Zinc supplementation in CD, whether the Crohn’s is active or in remission, may be beneficial. It had been postulated that zinc supplementation in patients with IBD would increase serum and mucosal levels of the zinc-dependent free radical scavengers superoxide dismutase (SOD) and MT, however their rise in concentrations was not statistically significant[112]. According to Brignola et al[113] (1993), dietary supplementation with zinc in CD patients with active disease significantly improved serum zinc levels in addition to levels of zinc-dependent hormones like thymulin, which can potentiate T-cell differentiation and natural killer (NK) cell activity[113]. The effect of zinc supplementation on NK cell activity of IBD patients, varies in the literature. A small randomized trial by Van de Wal et al[114] (1993) showed a significantly reduced level of NK cell activity with zinc supplementation. Despite the current evidence in the literature for their benefits, zinc products have not undergone the scrutiny and validation of the Food and Drug Administration for this disease. For this reason, there are no specific guidelines for zinc supplementation beyond emphasizing the importance of adequate and balanced nutritional intake in CD. As described in the sections on zinc and GI cancers, and zinc and TJs, there may well be medical benefit of zinc daily intake above the current RDA.


Zinc is absorbed from the GI lumen principally in the small intestine at the distal duodenum and proximal jejunum[115]. This leads to obvious implications for zinc malabsorption in diseases targeting and damaging the small intestine, such as CD and Celiac sprue. However, ulcerative colitis (UC) does not typically manifest in the small bowel proximal to the ileum, and numerous studies have shown that well nourished UC patients are not ZD. In fact, when patients with moderate and severe (active) UC are compared to healthy controls and/or UC patients in remission, they have shown normal or even elevated serum zinc concentrations[112,116,117]. Similarly, serum zinc levels in children with UC were no different than controls[118].

In active UC flares, elevated serum zinc concentrations are correlated with increased levels of complement component C3C (part of the innate immune system) and elevated antinuclear antibodies, a known predictor of UC flares and a marker of steroid dependence in UC[119,120]. This may be indicative of zinc being released locally in response to the activated inflammatory cascade in active UC. However, an additional study showed no correlation between serum zinc and elevated erythrocyte sedimentation rate or C-Reactive protein, both standard predictors of high grade inflammation in UC[121]. Patients with refractory UC who underwent colectomies with ileal pouch anal anastomosis or a Brooke ileostomy had either elevated or normal serum zinc levels[122-124]. In fact, ZD in UC patients most likely stems from malnutrition deriving from poor oral intake due to acute (systemic) illness associated with active UC and not the damaged colonic tissue per se[125,126]. There is little evidence that the colon itself normally has any major role in zinc metabolism or homeostasis.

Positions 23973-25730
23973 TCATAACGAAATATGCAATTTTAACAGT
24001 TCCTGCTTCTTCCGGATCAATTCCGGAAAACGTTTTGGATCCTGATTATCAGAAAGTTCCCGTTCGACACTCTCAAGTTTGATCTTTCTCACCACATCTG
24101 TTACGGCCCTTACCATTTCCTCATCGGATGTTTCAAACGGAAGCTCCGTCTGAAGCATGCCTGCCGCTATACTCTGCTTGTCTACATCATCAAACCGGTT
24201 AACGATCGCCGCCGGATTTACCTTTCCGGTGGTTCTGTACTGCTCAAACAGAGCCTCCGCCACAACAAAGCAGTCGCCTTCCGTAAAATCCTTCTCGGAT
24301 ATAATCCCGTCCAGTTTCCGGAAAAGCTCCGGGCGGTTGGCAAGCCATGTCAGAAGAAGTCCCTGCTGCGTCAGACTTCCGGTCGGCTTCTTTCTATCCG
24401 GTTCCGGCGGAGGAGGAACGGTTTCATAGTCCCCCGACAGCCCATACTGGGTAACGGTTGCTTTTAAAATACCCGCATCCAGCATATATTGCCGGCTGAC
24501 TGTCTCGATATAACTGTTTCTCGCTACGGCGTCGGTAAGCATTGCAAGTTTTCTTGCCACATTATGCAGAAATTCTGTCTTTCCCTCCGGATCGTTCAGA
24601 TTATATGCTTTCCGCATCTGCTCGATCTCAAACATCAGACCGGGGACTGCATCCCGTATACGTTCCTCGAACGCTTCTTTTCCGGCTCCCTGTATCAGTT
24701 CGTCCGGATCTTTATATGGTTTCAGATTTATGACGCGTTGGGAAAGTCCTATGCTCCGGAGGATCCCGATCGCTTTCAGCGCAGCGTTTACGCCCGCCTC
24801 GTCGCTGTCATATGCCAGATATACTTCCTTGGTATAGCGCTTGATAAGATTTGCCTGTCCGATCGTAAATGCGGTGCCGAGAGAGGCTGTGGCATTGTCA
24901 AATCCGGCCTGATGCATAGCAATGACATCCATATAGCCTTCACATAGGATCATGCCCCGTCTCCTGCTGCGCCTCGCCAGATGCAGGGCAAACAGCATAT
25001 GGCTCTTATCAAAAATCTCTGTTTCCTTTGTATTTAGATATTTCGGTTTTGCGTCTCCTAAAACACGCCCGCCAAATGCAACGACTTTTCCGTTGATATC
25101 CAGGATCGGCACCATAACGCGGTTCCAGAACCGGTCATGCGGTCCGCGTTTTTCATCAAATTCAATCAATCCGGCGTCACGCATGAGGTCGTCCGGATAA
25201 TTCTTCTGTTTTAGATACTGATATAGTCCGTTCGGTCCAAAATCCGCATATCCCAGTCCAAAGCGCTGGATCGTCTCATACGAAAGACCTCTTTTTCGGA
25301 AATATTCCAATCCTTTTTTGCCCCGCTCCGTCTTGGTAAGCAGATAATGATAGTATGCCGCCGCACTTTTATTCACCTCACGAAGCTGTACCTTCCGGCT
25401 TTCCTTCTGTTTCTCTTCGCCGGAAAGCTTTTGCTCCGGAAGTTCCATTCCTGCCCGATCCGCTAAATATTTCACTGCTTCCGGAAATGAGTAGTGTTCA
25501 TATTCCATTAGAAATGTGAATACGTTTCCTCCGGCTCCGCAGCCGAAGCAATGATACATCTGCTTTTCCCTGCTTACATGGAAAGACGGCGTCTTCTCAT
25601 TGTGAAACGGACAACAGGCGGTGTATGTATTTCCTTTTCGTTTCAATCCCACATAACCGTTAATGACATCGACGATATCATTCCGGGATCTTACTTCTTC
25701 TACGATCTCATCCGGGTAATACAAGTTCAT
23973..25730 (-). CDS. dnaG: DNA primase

On a molecular level, the reactive oxygen species (ROS) produced from respiratory burst during neutrophilic invasion in UC cause significant mucosal damage[127]. SOD, vitamin E and ascorbic acid are all known to reduce ROS species produced in this process[128]. Zinc in various ionic forms and as a part of various moieties in proteins is also important in ROS reduction. For example, the copper/zinc isoform of SOD (Cu/Zn-SOD) removes ROS and indirectly prevents lipid peroxidation[129]. Interestingly, Cu/Zn-SOD is decreased in the epithelium of active UC[130]. Another family of zinc-cytoprotective enzymes are MTs. These are zinc-binding proteins that likely play a role in alleviating acute inflammation as ROS scavengers. The literature shows variability in MT expression in IBD. In ZD individuals, mucosal layers of active UC patients had decreased concentrations of MTs in their colonic mucosa and had increased concentrations of ROS intermediates[131-133]. Inducing ZD in animal models of UC increases the disease activity index (DAI) and serum TNFα levels, exacerbates weight loss, and leads to further shortening of colon length[134]. MT concentrations are increased in UC-associated colorectal carcinoma but are decreased in active UC flares at the inflamed mucosa[116,135]. In actively inflamed UC in both human and animal models, supplementing zinc has been shown to either slightly increase or have no effect on the tissue level of MTs[112,136-138]. There have been many studies on the effects of zinc supplementation on inflammation in UC. Di Leo et al[136] (2001) reported improvements in diarrhea and weight gain in a rat colitis model when supplemented with zinc but found no effect on neutrophil infiltration or visible inflammation. Mulder et al[112] (1994) reported no change in DAI or inflammation in human UC intestinal biopsies after zinc supplementation. More recently, however, Tran et al[137] (2007) found that zinc supplementation suppressed colitis in a mouse model as evidenced by decreased DAI and histological severity scores as well as reduced myeloperoxidase activity. Intrarectal zinc also has been found to be beneficial at the microscopic level with reduced inflammation in rat models in as little as 96 h, with other studies also reporting similar decreases in inflammation in both rat and mouse UC models[139-142].